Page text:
8. Never say things like, “you’re so wonderful to adopt a child”. I am a parent. Just like anybody else with kids.
  9. Don’t start spewing your horrible adoption stories. “This one time, my friend’s sister’s aunt’s dog’s previous owner’s niece adopted a baby and the real dad came back and they took the baby away after they had him for two years.” First of all, it probably isn’t true. Second of all, how would you feel if I told you about all the ways you could lose your child. Adoption is permanent. And in the extremely rare circumstances that something like that happens, it’s not something you should spread because the hurt that exists for all the parties involved must be immeasurable.
  10. Don’t say things like, “is it hard for him to be adopted?” Well, it wasn’t, until you asked me that right in front of him you freaking idiot.
  11. I don’t want to hear about your second cousin who was on a waiting list for twelve years and never got a baby. Granted, this one was much more annoying when we were going through the adoption process. Nobody wants to know that some people never get chosen. Show some kindness. Even to ugly people.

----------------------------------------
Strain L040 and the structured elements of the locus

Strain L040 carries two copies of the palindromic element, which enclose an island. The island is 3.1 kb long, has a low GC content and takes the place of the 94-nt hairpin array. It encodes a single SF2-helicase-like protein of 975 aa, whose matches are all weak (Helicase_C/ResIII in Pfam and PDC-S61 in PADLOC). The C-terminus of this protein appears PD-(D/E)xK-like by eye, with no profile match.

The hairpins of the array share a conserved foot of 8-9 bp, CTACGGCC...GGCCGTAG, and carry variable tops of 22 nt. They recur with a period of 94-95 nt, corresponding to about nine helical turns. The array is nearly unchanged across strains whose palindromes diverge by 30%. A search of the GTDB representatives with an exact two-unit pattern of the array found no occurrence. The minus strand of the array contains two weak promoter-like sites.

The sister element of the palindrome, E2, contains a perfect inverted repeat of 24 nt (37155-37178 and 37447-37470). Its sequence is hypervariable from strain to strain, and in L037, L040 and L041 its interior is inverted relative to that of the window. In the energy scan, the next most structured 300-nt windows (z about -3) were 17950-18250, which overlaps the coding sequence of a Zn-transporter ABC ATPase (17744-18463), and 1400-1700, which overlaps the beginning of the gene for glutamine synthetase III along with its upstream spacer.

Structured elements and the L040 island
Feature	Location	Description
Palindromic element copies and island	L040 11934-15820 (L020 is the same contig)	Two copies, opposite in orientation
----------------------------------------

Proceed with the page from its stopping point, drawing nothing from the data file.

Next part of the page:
Going through our PS MAPP classes at our agency we learned a lot about things we shouldn’t say or do, things which may be hurtful to our future children and/or their birth families.  We cannot expect our friends and family members or others we don’t know to know everything we have learned.  Part of our job as adoptive parents is to help others around us understand things we have learned to help prevent painful comments being made in front of our children. I know our friends and family would never say anything to intentionally hurt us or our future kiddos.

We will love the children who come into our lives just as you love your children.  We wanted them and prayed for them just as you wanted and prayed for your children.  They will bless us and challenge us just as your children have blessed and challenged you.

Thank you in advance for being understanding and sensitive!


Posted on May 31, 2011, in adoption and tagged , , , . Bookmark the permalink. 6 Comments.


    • I think people just don’t know or sometimes don’t think how their words might be hurtful. I suppose we all can be like that at times. I am always a work in progress, trying to be better.

  2. but its still good you posted this! 🙂 love ya